It takes a village to do great science

Paul Czarapata

Paul Czarapata, deputy head of the Accelerator Division, wrote this column.

“It takes a village to raise a child.” This saying is attributed to an African proverb, though the exact origin has not been tracked down. In our work at the laboratory a slight modification to that saying may be in order: It takes a village to do great science.

In our day-to-day jobs we sometimes lose sight of the fact that the entire laboratory contributes to the success of our science. Some staff ensure we are paid and have benefits to protect us and our families. Others help make purchases and see that quality materials are delivered. Still others help us by ensuring we do our work in safe environments. Many staff operate the experiments and support large-scale computations to find the key data from a flood of information collected.

The cooperation we need to run the lab is also necessary in each division, and this is no less true of the Accelerator Division. Over the next few months, our own village, with its many teams, will work together to continue the conversion of the former antiproton rings into muon delivery rings. These changes are in preparation for the future Muon g-2 and Mu2e experiments. Scientist will look for subtle physics processes in the former and will work to uncover new physics in the latter. In both cases, researchers will require exquisite beams to carry out their science. Our division is hard at work to make this possible.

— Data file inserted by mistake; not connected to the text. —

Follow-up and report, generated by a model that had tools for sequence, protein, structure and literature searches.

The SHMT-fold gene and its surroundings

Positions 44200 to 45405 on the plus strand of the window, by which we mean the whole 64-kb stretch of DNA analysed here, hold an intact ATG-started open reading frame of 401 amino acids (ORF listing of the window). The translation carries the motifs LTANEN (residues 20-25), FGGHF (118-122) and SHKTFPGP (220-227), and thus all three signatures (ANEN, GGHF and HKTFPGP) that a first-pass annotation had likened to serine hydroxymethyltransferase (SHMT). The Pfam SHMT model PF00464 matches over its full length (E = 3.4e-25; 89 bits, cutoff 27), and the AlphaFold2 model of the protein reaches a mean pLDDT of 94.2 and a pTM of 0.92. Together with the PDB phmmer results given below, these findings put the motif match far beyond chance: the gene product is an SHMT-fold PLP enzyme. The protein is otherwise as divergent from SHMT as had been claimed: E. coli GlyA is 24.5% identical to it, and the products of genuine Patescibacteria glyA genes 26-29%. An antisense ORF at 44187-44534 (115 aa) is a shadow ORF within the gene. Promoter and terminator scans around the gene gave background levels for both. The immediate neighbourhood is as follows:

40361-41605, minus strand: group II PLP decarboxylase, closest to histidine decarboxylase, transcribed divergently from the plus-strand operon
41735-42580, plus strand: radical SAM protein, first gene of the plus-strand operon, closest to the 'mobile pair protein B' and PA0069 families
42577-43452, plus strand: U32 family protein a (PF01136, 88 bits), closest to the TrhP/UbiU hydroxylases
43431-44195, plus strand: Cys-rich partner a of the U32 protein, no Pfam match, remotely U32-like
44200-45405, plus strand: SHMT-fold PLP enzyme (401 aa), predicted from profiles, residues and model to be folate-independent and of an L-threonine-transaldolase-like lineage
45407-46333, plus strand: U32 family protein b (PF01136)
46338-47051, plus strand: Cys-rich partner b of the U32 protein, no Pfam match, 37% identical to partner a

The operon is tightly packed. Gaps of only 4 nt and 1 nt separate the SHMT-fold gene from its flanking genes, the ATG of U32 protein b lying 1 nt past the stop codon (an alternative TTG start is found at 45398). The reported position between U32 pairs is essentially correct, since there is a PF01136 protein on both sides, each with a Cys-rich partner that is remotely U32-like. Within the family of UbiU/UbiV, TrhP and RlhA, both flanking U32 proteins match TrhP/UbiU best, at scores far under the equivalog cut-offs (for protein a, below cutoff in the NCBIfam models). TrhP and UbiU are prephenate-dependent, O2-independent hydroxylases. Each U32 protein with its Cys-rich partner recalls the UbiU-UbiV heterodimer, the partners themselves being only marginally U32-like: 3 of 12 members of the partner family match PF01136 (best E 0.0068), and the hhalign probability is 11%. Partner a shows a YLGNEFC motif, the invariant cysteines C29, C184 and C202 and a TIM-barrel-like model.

And yet, even as we work to advance our accelerator complex, we remind ourselves that it is not only the technical staff that is needed, but all the divisions and sections that put their collective shoulders to the job.

As we move forward with our neutrino, muon and other physics programs, we must increase the size and interconnectedness of our village. National and international help will be needed. This will bring its own unique challenges for our administrative personnel, procurement specialists and technical staff. The one thing that we can count on as a laboratory is yet another saying: “We can do it!”